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goldmund
05-10-2012, 05:31 PM
This is for a thriller script.

A man got in a fight with another in a bar or someplace. He pushed or knocked the other one so that he hit his head on something and died.

How long a sentence are we talking about here?

alleycat
05-10-2012, 05:37 PM
It's going to vary by state.

In my state it would be a three to six year sentence, although they probably wouldn't actually serve that much time. A person with a first-time conviction would probably receive a lighter sentence and actually serve maybe half the time.

If you need a real expert contact Smish by PM, I'm sure she'd be willing to help you.

Kerosene
05-10-2012, 05:54 PM
I knew a guy that got 10 years. (Oregon)

He was on his own property, with a gun. The other man came at him with an axe and the guy shot him through. Because he wasn't "attacked" he was sentenced with involuntary manslaughter.

Snick
05-10-2012, 08:06 PM
The definition of involuntary manslaughter varies along with the sentences.

jclarkdawe
05-10-2012, 09:46 PM
How long a sentence do you need?

Factors include:


Who swung first?
What started this?
Is the defendant a legal virgin? (i.e., no criminal history)
What's the size difference between the two?
What state?
How drunk?
What's the history of the two? Does one have a reputation of bar fights?

And I can go on. Sentence could range from walking out of court with a not guilty to twenty or more years.


Best of luck,


Jim Clark-Dawe

waylander
05-10-2012, 09:54 PM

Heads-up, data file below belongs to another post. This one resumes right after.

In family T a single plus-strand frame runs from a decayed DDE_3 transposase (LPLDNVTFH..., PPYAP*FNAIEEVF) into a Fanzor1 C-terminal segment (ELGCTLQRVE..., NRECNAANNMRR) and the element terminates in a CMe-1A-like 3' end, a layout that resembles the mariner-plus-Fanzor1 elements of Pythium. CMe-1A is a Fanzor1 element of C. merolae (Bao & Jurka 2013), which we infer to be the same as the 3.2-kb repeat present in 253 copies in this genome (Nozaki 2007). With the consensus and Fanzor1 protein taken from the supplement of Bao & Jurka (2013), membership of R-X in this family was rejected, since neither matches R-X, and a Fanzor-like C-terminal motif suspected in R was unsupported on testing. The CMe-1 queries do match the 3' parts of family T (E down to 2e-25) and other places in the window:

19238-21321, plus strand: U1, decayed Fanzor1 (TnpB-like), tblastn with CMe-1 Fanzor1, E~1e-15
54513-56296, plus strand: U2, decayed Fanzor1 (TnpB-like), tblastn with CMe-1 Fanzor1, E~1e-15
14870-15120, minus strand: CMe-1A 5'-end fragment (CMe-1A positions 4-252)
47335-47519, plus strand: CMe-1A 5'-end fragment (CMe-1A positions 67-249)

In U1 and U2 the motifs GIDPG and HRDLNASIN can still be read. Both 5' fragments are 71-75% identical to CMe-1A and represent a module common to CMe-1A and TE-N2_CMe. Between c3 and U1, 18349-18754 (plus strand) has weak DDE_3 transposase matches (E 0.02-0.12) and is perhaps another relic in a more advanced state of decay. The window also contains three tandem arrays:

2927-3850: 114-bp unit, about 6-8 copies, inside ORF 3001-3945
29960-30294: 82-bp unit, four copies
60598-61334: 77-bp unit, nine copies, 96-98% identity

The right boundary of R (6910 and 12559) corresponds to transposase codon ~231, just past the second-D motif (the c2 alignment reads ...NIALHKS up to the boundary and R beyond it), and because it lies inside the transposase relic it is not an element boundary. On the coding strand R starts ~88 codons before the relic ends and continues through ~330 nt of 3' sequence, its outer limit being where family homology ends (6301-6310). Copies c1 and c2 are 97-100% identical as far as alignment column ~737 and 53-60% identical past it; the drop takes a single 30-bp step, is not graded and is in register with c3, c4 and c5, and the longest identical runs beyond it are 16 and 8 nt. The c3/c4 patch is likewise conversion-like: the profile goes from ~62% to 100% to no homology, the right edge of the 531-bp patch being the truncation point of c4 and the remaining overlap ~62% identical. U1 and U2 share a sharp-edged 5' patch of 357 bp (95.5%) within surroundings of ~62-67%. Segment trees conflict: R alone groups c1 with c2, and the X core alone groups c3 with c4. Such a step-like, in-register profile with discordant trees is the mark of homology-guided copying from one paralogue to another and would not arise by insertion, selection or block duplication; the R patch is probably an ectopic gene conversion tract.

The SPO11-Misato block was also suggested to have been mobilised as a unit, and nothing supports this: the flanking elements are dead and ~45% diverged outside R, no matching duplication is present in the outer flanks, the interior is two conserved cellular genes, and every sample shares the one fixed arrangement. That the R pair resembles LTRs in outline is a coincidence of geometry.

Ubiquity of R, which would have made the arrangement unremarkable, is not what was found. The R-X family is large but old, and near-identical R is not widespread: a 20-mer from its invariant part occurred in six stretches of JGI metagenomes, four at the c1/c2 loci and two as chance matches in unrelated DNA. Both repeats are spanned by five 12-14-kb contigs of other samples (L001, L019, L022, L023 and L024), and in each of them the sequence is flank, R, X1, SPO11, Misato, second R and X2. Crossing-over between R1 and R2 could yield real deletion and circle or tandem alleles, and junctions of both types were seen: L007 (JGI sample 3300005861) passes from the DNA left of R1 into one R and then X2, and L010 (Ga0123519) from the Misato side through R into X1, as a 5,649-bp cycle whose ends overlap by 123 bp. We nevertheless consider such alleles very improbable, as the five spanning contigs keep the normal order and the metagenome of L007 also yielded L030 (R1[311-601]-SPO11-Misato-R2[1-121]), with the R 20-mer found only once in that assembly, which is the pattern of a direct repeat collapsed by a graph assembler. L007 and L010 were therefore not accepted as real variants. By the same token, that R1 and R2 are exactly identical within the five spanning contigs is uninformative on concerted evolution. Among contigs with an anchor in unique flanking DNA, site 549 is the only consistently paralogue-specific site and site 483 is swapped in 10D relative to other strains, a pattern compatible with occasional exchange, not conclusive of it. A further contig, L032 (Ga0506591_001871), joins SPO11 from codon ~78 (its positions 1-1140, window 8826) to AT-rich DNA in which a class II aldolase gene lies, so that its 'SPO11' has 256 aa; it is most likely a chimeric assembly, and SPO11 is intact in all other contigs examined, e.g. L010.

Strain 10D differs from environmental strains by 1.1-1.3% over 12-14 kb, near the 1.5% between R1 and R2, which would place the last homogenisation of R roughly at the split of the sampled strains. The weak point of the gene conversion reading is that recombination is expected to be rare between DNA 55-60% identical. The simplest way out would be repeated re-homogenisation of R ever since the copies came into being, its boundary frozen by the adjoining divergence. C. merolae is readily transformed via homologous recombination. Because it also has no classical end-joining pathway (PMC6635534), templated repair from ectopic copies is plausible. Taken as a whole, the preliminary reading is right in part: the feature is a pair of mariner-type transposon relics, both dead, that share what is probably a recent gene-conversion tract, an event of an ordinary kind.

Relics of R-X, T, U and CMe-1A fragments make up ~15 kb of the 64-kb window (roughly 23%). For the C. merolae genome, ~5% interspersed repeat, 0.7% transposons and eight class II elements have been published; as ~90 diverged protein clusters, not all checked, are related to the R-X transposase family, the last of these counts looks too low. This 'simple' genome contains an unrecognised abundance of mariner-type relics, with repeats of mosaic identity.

How good a lawyer can he afford?

Trebor1415
05-10-2012, 10:33 PM
I agree with the "how long a sentance do you need" idea.

If you know what sentance length you need for your story you can adjust specific story details to create a rationale for a longer or shorter sentance.

(shorter sentance = more mitigating factors in favor of the defense. Longer sentance = the facts "look worse" to the prosecutor/judge/jury than they might really have been based on previous history between the two people, previous criminal record of the character, etc)

The exact sentancing guidelines depend on the state. You likely should be able to find general sentancing guidelines for the state of your story on-line.

goldmund
05-11-2012, 04:28 AM
I don't concentrate on what actually happened; what's important is involuntary manslaughter and being locked for around 4-5 years. I was afraid it would seem improbably low, but from what you said, it could very well happen, and that's all I need!

Thanks a million, you're great.

MaryMumsy
05-11-2012, 05:45 AM
I don't concentrate on what actually happened; what's important is involuntary manslaughter and being locked for around 4-5 years. I was afraid it would seem improbably low, but from what you said, it could very well happen, and that's all I need!

Thanks a million, you're great.

Just make sure it could happen that way in the state you are setting your story in. As has been said, the law varies greatly from state to state.

MM

rugcat
05-11-2012, 06:05 AM
I don't concentrate on what actually happened; what's important is involuntary manslaughter and being locked for around 4-5 years. I was afraid it would seem improbably low, but from what you said, it could very well happen, and that's all I need!

Thanks a million, you're great.Not at all. In a case of "mutual combat" similar to the one you described, even a one year sentence is not unheard of.

I know of one such case in Utah where two young men got into a fight over something stupid, one of them got knocked down, hit his head on the pavement, and died.

There was clearly no intent to kill. One punch was thrown. The survivor pleaded guilty to involuntary manslaughter and served one year.